- Reflect on your time management each week. Build in time each week to reflect on how well you stuck to your schedule. Be gracious to yourself and adjust the upcoming week.
- Time management becomes more important throughout the program. As the program progresses, you will find yourself balancing more responsibilities, such as attacking the technical curriculum while simultaneously searching for your first software developer job.
In Mod 1, you’ll be expected to be available and fully engaged between the hours of 9am-12pm and 1pm-4pm MT, Monday-Thursday (excluding any holidays Turing observes). During those times, you’ll be in live, whole-group classes, possibly in small-group sessions led by instructors, and some of that time will be structured work time with teammates, check-ins or evaluations with instructors.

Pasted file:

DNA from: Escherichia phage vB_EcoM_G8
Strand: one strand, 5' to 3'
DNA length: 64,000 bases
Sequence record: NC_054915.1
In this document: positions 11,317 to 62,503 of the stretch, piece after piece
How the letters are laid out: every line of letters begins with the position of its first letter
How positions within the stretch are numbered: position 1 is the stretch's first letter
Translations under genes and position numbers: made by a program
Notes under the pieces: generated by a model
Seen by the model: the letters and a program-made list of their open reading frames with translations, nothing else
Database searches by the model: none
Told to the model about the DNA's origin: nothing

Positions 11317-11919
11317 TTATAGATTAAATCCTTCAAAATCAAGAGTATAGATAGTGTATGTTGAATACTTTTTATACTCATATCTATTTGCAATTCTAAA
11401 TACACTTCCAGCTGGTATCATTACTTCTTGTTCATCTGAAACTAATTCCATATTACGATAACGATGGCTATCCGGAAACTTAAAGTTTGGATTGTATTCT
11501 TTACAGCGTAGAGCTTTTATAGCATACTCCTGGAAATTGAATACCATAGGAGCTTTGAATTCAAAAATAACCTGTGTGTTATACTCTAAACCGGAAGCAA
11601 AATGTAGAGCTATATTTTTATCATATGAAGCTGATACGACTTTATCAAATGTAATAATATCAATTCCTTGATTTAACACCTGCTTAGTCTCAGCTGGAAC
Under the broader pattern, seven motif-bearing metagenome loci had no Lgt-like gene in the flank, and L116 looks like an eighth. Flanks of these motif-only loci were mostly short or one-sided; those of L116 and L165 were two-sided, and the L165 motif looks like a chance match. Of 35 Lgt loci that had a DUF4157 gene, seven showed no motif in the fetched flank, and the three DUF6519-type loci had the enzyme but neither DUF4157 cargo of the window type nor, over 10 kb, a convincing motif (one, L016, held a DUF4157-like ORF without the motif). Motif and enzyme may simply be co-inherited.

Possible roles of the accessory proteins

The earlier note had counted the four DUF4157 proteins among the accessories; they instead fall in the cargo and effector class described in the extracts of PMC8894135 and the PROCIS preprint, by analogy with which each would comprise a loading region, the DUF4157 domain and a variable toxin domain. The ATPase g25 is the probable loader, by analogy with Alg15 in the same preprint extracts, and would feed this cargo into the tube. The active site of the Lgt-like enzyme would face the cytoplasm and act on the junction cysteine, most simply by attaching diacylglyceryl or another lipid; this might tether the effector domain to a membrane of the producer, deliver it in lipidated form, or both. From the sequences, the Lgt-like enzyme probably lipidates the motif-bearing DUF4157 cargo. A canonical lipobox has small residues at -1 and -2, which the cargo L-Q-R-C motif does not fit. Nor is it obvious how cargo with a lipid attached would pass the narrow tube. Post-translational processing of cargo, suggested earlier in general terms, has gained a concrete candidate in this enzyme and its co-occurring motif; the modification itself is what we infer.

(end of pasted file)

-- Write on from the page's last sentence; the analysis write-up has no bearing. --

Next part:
In addition to those specific hours, most students spend additional time outside of formal class time to study/practice on their own, review material for the upcoming day, or go back to work on labs and projects. About 70% of the projects assigned are collaborative; meaning you will not be working independently (with only your brain and your schedule), but will need to find times to work with your teammates. Sometimes, this will mean compromising. However, it’s important to have some clear boundaries for your self-care.
When it comes to the way they spend their time, there are two major pitfalls we see students fall into, that result in them burning out and usually repeating Mod 1:
- Not dedicating any time to their personal needs: scheduling seven 14-hour days of coding a week.
- Underestimating the commitment and then being very disappointed when they don’t have time to do things they enjoy (play guitar for 3 hours a day, work a part-time job, go to Happy Hour several evenings a week, or go skiing every weekend).
Since each Mod is only 6 weeks long, if you fall behind by one week, it can be really hard to catch up. Having a proactive and realistic plan is the best way to set yourself up for success.